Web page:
A number of Police and Crime Commissioners are reportedly threatening legal action against the government over funding reforms that could see their budgets cut.
The Home Office has announced plans to reform the “complex, opaque and out of date” Police Allocation Formula, which distributes cash between the 43 police forces in England and Wales.
Under the reforms, currently subject to a Home Office consultation, the new funding model will allocate government grant funding to PCCs based on local population levels and demographics, as well as the environmental characteristics of police force areas.
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But analysis suggests 11 forces could lose out under the planned reforms, with three at risk of losing more than 10% of their budgets.
The Independent reports that six of the elected commissioners and a deputy policing mayor that oversee policing in their local areas have attacked the government over what they call the “unjustified” and “deeply flawed” funding changes.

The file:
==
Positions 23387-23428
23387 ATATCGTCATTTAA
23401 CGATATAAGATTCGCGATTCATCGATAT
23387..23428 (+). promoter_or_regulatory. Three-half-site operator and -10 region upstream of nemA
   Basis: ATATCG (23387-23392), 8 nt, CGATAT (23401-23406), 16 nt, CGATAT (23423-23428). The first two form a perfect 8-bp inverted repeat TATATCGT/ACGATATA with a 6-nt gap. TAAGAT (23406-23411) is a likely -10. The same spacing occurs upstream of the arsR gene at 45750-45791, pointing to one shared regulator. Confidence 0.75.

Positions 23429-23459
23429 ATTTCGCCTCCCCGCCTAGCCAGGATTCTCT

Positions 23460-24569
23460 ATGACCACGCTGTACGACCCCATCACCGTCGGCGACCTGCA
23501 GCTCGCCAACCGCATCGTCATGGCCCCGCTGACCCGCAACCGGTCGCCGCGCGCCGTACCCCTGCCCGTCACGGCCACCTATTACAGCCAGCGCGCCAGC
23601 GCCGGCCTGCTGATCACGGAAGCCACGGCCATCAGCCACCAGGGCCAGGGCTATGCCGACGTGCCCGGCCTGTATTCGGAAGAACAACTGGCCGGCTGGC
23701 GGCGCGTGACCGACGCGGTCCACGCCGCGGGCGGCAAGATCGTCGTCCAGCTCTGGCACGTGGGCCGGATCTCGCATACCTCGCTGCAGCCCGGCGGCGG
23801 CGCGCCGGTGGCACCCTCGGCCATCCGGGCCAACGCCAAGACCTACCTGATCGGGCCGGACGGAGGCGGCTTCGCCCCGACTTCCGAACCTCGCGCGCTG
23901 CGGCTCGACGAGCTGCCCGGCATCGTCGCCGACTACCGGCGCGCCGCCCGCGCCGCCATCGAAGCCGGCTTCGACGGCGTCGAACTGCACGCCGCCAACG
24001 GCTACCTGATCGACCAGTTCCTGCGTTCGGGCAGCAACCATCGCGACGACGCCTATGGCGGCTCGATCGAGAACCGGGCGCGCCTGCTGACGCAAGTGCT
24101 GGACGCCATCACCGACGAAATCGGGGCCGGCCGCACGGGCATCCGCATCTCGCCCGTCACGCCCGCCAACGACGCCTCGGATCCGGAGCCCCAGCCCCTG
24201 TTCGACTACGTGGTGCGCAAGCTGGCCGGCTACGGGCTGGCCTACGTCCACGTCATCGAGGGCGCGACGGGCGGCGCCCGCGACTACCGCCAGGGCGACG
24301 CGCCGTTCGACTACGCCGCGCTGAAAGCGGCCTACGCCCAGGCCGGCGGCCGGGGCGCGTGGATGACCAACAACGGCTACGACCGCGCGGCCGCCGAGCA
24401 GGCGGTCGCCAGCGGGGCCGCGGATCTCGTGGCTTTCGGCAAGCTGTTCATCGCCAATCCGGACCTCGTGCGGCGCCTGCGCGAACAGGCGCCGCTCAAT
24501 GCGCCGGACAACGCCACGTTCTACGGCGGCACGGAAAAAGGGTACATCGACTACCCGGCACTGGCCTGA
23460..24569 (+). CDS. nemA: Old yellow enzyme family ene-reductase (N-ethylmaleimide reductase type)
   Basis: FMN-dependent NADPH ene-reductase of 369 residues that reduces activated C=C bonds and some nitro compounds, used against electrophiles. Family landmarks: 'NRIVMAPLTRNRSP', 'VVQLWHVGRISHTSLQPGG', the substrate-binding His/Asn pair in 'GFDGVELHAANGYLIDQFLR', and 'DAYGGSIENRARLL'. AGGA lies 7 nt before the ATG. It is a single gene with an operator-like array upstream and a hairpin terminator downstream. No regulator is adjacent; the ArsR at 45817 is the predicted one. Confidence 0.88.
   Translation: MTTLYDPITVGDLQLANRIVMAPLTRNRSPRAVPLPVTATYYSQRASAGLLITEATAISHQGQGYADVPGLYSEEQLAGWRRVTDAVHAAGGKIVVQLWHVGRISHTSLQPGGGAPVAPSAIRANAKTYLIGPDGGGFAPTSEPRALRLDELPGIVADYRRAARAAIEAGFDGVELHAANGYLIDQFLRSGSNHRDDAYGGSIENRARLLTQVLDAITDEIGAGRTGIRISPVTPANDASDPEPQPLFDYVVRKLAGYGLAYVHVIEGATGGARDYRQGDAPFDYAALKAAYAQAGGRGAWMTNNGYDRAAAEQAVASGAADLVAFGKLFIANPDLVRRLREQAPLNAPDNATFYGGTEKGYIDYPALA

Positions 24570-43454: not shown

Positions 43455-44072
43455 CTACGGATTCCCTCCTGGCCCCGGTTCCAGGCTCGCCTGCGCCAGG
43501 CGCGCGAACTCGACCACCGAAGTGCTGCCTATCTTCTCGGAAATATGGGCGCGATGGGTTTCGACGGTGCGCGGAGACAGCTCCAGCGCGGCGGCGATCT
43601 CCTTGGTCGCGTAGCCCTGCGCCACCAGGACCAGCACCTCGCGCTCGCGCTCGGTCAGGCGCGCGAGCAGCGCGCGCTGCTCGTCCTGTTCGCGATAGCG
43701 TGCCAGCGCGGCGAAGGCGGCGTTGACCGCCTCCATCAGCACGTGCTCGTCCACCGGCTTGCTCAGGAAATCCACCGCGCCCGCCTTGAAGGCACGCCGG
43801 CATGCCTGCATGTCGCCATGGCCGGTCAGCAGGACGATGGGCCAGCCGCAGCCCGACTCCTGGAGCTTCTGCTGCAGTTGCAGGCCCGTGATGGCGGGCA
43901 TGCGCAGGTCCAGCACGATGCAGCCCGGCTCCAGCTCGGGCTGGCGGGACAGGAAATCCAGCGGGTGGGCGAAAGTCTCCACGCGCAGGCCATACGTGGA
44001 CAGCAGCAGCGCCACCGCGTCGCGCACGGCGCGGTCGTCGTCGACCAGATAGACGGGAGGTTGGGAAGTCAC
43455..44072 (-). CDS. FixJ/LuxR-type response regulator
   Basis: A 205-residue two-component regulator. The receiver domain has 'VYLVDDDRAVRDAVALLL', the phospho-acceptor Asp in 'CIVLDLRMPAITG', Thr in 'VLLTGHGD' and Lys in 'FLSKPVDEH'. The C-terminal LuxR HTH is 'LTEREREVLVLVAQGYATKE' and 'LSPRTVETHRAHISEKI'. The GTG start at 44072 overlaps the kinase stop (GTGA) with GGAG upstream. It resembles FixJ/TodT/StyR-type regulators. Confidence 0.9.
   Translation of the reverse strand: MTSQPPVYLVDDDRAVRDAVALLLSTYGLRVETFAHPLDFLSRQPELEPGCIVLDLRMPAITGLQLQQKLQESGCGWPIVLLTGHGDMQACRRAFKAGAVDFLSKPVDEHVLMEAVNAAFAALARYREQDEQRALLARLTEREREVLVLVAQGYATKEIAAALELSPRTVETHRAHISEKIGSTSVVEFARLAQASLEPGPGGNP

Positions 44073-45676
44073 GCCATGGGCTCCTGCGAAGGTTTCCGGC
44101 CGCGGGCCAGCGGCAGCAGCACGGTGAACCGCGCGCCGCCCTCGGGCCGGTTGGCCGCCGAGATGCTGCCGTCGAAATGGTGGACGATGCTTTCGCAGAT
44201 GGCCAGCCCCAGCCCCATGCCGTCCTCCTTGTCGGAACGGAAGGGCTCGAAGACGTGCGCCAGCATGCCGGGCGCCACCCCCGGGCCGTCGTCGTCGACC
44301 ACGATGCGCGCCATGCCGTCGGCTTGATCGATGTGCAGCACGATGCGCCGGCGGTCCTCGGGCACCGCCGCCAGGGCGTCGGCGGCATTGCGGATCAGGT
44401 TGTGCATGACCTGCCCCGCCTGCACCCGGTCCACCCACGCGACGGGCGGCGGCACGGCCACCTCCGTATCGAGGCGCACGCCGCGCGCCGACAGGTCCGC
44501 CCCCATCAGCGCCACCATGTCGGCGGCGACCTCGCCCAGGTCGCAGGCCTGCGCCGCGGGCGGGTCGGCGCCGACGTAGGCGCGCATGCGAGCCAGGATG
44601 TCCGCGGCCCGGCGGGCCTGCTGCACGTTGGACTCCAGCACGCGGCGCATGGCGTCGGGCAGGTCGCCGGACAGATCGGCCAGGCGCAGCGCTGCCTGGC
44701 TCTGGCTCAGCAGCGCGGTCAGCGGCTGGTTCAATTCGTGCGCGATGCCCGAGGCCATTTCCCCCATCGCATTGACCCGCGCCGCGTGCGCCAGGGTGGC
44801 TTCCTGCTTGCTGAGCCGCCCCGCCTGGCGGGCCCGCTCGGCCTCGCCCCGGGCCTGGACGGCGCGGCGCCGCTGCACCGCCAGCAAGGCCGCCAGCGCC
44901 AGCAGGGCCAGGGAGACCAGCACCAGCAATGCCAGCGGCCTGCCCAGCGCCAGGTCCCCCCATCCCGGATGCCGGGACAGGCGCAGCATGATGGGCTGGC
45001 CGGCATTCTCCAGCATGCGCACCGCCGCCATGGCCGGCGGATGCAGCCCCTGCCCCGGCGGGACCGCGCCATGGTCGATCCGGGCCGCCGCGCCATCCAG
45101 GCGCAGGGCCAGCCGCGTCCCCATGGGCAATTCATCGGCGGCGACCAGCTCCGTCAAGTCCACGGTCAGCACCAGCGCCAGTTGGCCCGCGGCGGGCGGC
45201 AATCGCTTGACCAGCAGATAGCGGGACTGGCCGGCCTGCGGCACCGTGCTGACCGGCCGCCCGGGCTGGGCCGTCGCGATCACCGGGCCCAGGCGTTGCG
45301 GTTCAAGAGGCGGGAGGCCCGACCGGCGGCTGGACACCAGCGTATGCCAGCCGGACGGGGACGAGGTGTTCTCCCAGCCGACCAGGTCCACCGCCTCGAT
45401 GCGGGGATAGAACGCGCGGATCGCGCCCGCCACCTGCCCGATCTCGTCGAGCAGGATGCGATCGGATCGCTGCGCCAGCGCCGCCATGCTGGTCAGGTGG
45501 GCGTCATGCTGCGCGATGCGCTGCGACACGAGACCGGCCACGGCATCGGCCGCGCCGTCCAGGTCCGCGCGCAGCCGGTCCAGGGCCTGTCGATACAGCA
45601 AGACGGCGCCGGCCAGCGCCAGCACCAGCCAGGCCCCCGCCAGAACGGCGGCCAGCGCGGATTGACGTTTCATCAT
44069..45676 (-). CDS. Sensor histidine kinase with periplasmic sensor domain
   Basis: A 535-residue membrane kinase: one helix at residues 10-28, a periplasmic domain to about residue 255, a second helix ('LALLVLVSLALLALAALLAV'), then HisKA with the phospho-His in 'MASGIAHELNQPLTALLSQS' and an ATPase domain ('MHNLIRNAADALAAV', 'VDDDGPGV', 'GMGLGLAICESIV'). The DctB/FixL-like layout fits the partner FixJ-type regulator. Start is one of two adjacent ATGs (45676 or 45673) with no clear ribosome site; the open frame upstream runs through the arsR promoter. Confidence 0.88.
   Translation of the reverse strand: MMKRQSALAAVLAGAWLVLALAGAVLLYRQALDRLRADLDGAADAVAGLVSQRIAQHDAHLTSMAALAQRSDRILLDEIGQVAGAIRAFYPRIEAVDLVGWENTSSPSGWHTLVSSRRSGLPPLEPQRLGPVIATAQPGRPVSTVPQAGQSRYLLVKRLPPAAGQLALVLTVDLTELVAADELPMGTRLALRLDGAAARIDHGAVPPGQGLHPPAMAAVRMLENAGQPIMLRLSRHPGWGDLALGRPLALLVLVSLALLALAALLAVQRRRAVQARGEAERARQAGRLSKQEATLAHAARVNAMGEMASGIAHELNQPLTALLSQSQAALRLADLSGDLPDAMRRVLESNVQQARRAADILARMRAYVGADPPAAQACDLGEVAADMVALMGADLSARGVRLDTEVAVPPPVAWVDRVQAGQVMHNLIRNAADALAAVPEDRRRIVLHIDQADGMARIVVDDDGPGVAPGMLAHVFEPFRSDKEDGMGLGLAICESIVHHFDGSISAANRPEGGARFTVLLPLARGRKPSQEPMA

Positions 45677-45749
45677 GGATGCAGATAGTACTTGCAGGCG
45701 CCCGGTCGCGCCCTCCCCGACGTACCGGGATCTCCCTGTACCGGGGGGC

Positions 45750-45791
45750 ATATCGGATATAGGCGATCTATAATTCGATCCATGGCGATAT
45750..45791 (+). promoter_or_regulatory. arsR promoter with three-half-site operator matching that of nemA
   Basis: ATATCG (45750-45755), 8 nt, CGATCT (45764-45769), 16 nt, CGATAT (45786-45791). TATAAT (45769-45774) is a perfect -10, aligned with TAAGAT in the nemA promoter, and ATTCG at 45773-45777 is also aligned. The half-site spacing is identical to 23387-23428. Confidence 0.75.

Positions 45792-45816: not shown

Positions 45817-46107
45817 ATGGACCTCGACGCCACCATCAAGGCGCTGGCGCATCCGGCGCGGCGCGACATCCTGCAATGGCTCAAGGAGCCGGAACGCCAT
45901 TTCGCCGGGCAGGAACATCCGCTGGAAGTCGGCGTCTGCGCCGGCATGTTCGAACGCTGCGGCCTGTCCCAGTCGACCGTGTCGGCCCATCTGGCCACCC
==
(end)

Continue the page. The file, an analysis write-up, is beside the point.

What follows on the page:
They have written to police minister Mike Penning urging a rethink of the reforms and threatening a judicial review otherwise.
The letter reads: “We believe this process should be halted immediately and the process redesigned to give forces and commissioners the information and time they need to make a proper and fair assessment of its consequences.”
It adds: “It is with much regret that we are therefore taking legal advice with a view to initiating a judicial review, should our concerns not be addressed.”
The police commissioners behind the letter represent Cumbria, Lancashire, Devon and Cornwall, Merseyside, North Yorkshire and Thames Valley.
It is also signed by Stephen Greenhalgh, London’s Deputy Mayor for Policing and Crime.
The two for Merseyside and Lancashire are from Labour while the other five are Conservative members.
Penning told the paper: “Police reform is working and crime has fallen by more than a quarter since 2010, according to the independent Crime Survey for England and Wales.
“But if we want policing in this country to be the best it can be, then we must reform further, and that includes putting police funding on to a long-term, sustainable footing.
“The current model for allocating police funding is complex, opaque and out of date. That is why we have consulted on principles for reform of funding arrangements for the police in England and Wales, ensuring they are fair, robust and transparent.”